There are now fewer than 30 days left until the USA goes to the polls to select its next president: Donald Trump or Joe Biden.
That polling day will come just two weeks after Trump should stop self-isolating to protect those around him from catching the deadly illness his White House admitted he’d contracted late last week.
Trump becoming a super-spreader of coronavirus is, perhaps, a sign that the old relationship between the UK and the US is stronger than it initially appears.
When Boris Johnson contracted coronavirus much earlier in the pandemic, his illness too was shared with many of his senior aides and top officials in the UK government, adding more chaos to an already sclerotic response to the crisis.
Now Trump has done what America so often does – follow Britain’s example, but bigger and blowsier. Where Johnson had the excuse of contracting coronavirus early on, and had been operating in the cramped and meagre office resources for the UK’s chief executive, Trump spread the disease in style.
First, he held parties celebrating his Supreme Court nominee, with no social distancing. He continued his rallies. His family failed to wear masks (as required) at his first presidential debate.
As if all of that wasn’t enough, he forced secret service agents to share a hermetically-sealed car journey with him for no purpose other than waving at some of his supporters.
And finally, he capped off three days of world-class hospital treatment by immediately removing his mask for a grandiose promotional video.
Four years into his demented presidency, we should by now know better than to look for any kind of rhyme or reason in Trump’s actions, but if we were we could only conclude Trump has somehow become convinced coronaviruses themselves have the vote, since he seems to be going all-out to do whatever he can to help them out.
As we look to what comes next, we should roundly dismiss a theory that swirled across the internet for days, shared by many of us who should have known much better – that contracting the coronavirus would give Trump a huge poll boost, increase his public sympathy, or otherwise change the race.
So strongly did some people believe these theories that they jumped a step still further, suggesting that Trump had faked catching the virus to pick up on exactly these benefits. The problem is such theories misunderstand the politics, the context, and the man himself.
There is nothing in UK polling figures to suggest that Johnson’s bout of coronavirus did anything to boost his party in the ratings, though he did seem to get a modest ‘pity’ boost in his personal approval – but this came much earlier in the crisis, when the public broadly supported the government’s measures to tackle the virus, and when Johnson had displayed virtually none of the overt corona-scepticism of the US president.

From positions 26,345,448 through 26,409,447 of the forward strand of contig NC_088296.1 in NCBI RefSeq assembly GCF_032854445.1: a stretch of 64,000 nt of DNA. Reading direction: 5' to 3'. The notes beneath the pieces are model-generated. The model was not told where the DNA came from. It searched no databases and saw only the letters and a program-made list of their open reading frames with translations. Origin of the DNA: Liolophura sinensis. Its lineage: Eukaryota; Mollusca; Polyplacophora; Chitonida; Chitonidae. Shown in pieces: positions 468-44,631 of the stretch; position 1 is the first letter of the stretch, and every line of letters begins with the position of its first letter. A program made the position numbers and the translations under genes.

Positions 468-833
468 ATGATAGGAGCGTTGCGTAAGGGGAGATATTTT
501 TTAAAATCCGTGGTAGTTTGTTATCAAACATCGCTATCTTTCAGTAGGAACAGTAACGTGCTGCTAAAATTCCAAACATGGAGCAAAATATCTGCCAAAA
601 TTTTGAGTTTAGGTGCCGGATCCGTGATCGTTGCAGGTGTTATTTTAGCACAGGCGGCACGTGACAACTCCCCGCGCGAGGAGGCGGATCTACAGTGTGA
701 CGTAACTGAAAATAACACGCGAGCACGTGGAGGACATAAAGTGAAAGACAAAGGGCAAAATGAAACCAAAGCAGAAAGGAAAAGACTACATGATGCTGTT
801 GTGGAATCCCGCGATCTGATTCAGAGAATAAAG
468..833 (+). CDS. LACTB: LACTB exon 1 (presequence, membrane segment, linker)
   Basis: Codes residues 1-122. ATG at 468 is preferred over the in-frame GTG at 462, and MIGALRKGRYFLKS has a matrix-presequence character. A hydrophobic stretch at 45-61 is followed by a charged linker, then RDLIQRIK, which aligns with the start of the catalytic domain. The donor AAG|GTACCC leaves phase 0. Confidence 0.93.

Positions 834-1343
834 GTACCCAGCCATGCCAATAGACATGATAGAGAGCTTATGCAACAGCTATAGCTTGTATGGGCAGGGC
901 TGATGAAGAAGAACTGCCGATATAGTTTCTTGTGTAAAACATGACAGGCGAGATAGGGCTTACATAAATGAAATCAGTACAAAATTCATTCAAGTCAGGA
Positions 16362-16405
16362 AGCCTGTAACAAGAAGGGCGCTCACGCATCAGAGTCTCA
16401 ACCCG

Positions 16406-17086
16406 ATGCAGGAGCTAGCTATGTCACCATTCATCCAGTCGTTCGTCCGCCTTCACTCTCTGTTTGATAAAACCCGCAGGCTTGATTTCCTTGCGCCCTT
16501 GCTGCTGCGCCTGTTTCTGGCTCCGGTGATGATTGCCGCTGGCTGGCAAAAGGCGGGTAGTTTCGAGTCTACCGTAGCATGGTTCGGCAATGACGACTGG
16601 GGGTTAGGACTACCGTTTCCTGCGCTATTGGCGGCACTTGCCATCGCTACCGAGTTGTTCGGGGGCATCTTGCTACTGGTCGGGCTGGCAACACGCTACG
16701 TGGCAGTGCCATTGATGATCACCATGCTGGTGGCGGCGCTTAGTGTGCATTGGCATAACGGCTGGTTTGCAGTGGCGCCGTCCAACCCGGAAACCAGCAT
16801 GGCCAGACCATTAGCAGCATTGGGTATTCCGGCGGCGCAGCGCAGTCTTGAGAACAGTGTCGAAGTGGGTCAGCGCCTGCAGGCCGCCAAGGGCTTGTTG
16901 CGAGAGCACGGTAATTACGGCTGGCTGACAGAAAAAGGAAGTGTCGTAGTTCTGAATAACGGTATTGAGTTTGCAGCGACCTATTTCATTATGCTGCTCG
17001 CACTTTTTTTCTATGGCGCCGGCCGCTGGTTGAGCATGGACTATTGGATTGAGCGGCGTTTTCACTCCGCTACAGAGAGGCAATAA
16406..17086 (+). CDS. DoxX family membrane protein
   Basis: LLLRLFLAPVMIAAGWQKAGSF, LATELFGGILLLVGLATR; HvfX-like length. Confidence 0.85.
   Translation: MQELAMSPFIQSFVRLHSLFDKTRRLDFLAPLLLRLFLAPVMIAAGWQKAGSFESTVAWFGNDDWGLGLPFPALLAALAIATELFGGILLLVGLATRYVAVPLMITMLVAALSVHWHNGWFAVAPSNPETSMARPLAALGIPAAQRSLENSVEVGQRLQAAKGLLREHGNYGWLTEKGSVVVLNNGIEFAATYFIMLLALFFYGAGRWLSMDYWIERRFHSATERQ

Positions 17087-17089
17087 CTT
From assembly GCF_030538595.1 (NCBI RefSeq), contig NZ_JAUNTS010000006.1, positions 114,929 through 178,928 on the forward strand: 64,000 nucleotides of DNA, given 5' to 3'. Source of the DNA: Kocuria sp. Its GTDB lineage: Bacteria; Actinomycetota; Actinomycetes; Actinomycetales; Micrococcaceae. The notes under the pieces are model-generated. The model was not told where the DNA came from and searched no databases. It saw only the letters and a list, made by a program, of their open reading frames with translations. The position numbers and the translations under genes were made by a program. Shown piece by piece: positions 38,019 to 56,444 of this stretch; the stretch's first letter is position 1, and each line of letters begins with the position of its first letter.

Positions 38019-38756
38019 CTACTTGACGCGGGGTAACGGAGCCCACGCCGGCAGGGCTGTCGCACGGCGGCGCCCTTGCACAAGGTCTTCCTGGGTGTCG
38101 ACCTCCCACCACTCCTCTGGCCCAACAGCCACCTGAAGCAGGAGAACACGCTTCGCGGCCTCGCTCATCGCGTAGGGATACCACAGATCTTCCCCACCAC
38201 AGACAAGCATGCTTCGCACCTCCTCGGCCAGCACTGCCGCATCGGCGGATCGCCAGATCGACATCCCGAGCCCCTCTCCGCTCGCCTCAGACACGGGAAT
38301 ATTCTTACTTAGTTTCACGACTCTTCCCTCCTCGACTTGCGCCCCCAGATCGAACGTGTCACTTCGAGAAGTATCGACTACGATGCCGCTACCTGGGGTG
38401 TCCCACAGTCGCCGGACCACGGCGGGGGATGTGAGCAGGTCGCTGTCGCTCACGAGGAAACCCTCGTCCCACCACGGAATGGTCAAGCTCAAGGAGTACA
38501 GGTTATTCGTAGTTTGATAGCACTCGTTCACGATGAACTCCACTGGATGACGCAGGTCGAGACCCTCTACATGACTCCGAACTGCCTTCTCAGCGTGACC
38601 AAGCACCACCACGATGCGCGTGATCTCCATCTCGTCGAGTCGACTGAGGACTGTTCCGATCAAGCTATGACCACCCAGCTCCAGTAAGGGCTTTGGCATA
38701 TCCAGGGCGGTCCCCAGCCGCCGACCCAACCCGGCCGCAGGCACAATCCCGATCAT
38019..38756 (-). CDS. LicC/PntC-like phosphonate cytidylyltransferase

Trump, on the other hand, has long-regarded ill health almost as a matter of morality or manliness – believing his own general good health as a sign of his excellent genetics and character. He had staked much of his presidential reelection campaign on calling the response to coronavirus overblown, and calling for more states to reopen their economies. He had flirted with mask sceptics and those calling for ends to lockdown.
Catching coronavirus simply wasn’t on his agenda.
Similarly, any idea of him getting a lucky poll bounce from his misfortune has already disappeared into the ether – largely as it would require the incident to in some way change him, and make him capable of showing human empathy.
Instead, inevitably, as soon as Trump was out of hospital (possibly prematurely, given the risky days ahead for a man of his age and weight) he was celebrating his triumph over the illness, telling people not to be afraid of it, and issuing a commemorative $100 “Trump defeats COVID” coin from the White House gift shop.
For a nation that has already lost 200,000 friends, parents or partners to this illness, this will win Trump absolutely no new voters – and the polls show voters slipping even further against the historically unpopular president, with even his core vote of those over-65 (not coincidentally, those most vulnerable to Covid) fading fast.
Trump’s administration is trying to fall back to its old coronasceptic playbook even as the illness ravages senators, White House staff, secret service, and anyone else unfortunate enough to have come close to the utterly reckless and feckless president. Some remain hospitalised, with uncertain prognosis.
Against that backdrop, attempts from Trump’s vice presidential pick Mike Pence to taunt his debate opponent Kamala Harris for wanting to keep her distance from his podium fall flat to anyone except the most hardened of his Fox News or online warriors.
Trump’s presidency represents nothing short of a contagion that has plagued America for nearly four years, leaving it weakened, delirious and frenetic. A literal contagion around those at the core of the project is, if nothing else, poetic as it nears what we must hope is its end.
The question is how a weakened and surely still unwell Trump lashes out if the race and the polls continue to move against him. A rabid animal is at its most dangerous when it’s cornered. Trump is certainly cornered right now.